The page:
Since effective sanitization in food processing plants is a crucial step in the over all clean up procedure, the crew leader will usually sample the diluted sanitizer solution using either a test kit or test paper. Once adjustments and verifications, if required are made, the sanitizer solution is applied under low pressure onto the food contact surfaces and the excess is allowed to freely run off. Low pressure applications are preferable since they reduce the risk of generating airborne mists which can cause dislodge bacteria to become airborne and transported over great distances. Following sanitization, a potable water rinse is not required nor is it recommended. Flat horizontal or vertical surfaces can either be air dried or allowed to remain wet. The later method is the preferable one and used more frequently. Leaving the surface wet prevents airborne bacteria which may settle on food processing equipment and tables from surviving therefore decreases the risk of contamination.

At start-up of operations during the following shift, the remaining residual sanitizer can be rinsed off prior to handling food products. This is not a mandatory or regulatory requirement since sanitizers used in food processing plants also have clearance for incidental food contact at the concentrations used.


The areas within a Supermarket deli, meat and bakery sections are relatively small and the equipment requirements for clean up and sanitation can be carried out with simple equipment. Blades, knives, saws, scrapers, and other small utensils are disassembled from the food cutting or processing equipment and placed into a three compartment sink. First, they are allowed to soak in a detergent solution which is dispensed into the sink through a wall mounted plunger type of hand pump. The components are then rinsed with water in the middle sink and sanitized by immersion into the third, sanitizer-containing compartment. Sanitizer is dispensed into the third sink compartment in a manner similar to that used to dispense detergent.

The stationary portion of the equipment as well as the cutting tables are first cleaned with a high foaming detergent then sanitized with a low level disinfectant such as a quat. The equipment used in this type of operation is usually a commercial version of a garden hose sprayer and using city water pressure as a means of delivering product to the affected surfaces. Water flowing through the hose also creates a partial vacuum within the garden sprayer resulting in sanitizer solution being drawn up and mixing with the water stream as it flows past the garden sprayer's orifice. Commercial units designed for sanitizer application are accurately calibrated by the manufacturer to dispense a 0.2% solution, which is equivalent to 200 ppm quat (10% active) or 200 ppm available chlorine (10% sodium hypochlorite).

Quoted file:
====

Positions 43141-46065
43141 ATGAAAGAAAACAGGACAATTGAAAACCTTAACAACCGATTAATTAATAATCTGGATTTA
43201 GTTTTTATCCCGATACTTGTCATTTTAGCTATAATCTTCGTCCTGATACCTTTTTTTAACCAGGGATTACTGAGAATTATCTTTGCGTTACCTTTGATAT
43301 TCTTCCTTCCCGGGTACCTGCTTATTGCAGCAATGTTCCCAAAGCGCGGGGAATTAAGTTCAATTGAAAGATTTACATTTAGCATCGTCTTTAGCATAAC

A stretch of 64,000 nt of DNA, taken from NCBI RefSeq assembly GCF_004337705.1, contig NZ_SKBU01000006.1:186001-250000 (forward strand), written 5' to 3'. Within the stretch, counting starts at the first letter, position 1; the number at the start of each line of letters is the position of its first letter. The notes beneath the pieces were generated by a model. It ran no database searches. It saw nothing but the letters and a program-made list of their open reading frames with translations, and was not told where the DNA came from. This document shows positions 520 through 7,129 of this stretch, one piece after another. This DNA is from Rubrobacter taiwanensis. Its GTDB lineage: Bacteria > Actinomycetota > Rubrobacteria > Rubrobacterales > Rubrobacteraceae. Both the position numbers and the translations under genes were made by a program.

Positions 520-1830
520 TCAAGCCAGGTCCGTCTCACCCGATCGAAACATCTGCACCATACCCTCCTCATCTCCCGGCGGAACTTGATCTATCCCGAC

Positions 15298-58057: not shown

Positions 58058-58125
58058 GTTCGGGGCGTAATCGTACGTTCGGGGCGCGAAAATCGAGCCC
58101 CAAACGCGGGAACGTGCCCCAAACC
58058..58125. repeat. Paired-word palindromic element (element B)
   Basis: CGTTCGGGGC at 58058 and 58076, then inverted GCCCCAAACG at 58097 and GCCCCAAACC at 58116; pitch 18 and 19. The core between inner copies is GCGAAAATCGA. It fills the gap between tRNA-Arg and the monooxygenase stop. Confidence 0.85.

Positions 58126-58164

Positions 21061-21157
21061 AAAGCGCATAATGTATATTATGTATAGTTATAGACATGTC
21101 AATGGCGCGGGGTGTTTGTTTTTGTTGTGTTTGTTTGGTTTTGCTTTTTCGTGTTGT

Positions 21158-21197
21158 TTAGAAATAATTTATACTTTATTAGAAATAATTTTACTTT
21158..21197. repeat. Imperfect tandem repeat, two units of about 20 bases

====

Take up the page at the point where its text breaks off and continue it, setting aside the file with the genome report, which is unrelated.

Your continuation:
Small, pressurized portable tanks into which a prediluted sanitizer solution has been added also finds use in this application, especially in enclosed areas where sanitizer has to be applied to surfaces that are not readily accessible. Such a system makes use of the pressurized contents to direct a stream of sanitizer over a larger distance than would be possible with a garden sprayer using city water pressure.


Large hospitals and nursing homes usually dispense use-solution from stationary, central units; each one located on a separate floor. Frequently these units operate by mechanical action alone and dispense product using the principles encountered above; suction of product as a result of an internal vacuum which is created through the flow of water past an orifice. A typical installation is wall mounted with a single hose connected to the city water input line, and contains from 1 to 5 separate dedicated hoses capable of dispensing several products. Adjusting the orifice diameter at the end of each dispensing hose, results in dilutions varying from 1:256 to 1:20.

To maintain control in small hospitals and nursing homes, 1 to 2 gallon of end use solutions are prepared and then transferred into smaller, trigger sprayer type dispensers which can easily be used by the house keeping staff. Critical areas, such as operating rooms which require high level sanitation, use specialized computer assisted dosing and rinsing equipment.


Aside from the routine clean up and sanitization of food contact surfaces and food preparation utensils, the bulk of the cleaning and sanitization in restaurants is in mechanical ware washing. In small restaurants, the dish washing product is usually a powder manually fed into the machine and also provides a source of available chlorine for sanitization. Sufficient product, whether or not needed for the soils encountered must be used in order to provide a residual available chlorine level of 100-200 ppm; a level which is required under most municipal health codes.

In restaurants serving a large number of meals daily, it becomes more economical to meter product into the ware washing equipment via rotary pumps which accurately dispense the quantity of chemical required. The larger ware washing units are equipped with a 3 head rotary pump dispensing unit and each pump is calibrated according to the amount of chemical dispensed per rotation of the pump and the number of rotations per minute. Once properly adjusted, detergent, rinse aid and sanitizer can be accurately dosed at the different required concentrations.


Table 1


Optimum pH Range for Sanitization

Use Dilution Concentration

in ppm

Effect of Hard Water on Sanitization

Effect of Organics in Water

Germicidal Activity

Activity against Gram Positive Bacteria

Activity against 

Gram Negative Bacterial

Activity against Spores


5 - 7


Moderate tolerance



· · · ·

· · · ·

· · ·


1 - 5


Activity reduced

More sanitizer required

Reduced activity; more stable than hypochlorites

Moderate, less effective than hypochlorites

· · · ·

· · · ·



8 - 11


Activity reduced

Moderately Stable


· · · ·

· · · ·


1 - 3


Activity reduced

more sanitizer required

Low reactivity

Very Good

· · · ·

· · · ·



6 - 8

2% for Sterilization

No effect 

Activity reduced


· · · ·

· · · ·

· · · ·


5 - 8


No effect

Loss of activity


· · ·

· · · ·



10.5 - 11.5

200 - 400

Moderate tolerance

Moderately stable

Very good

· · · ·

· · · ·

· · ·


3.5 - 5.5

150 - 200

limited effect

Reacts and looses activity

High, better than hypochlorite

· · ·

· · · ·

· · · ·



2 - 5

5 - 15

No effect

Little influence

High, better than hypochlorite

· · · ·

· · · ·

· · ·

····Highly Effective

···  Moderately Effective

· · Slightly efffective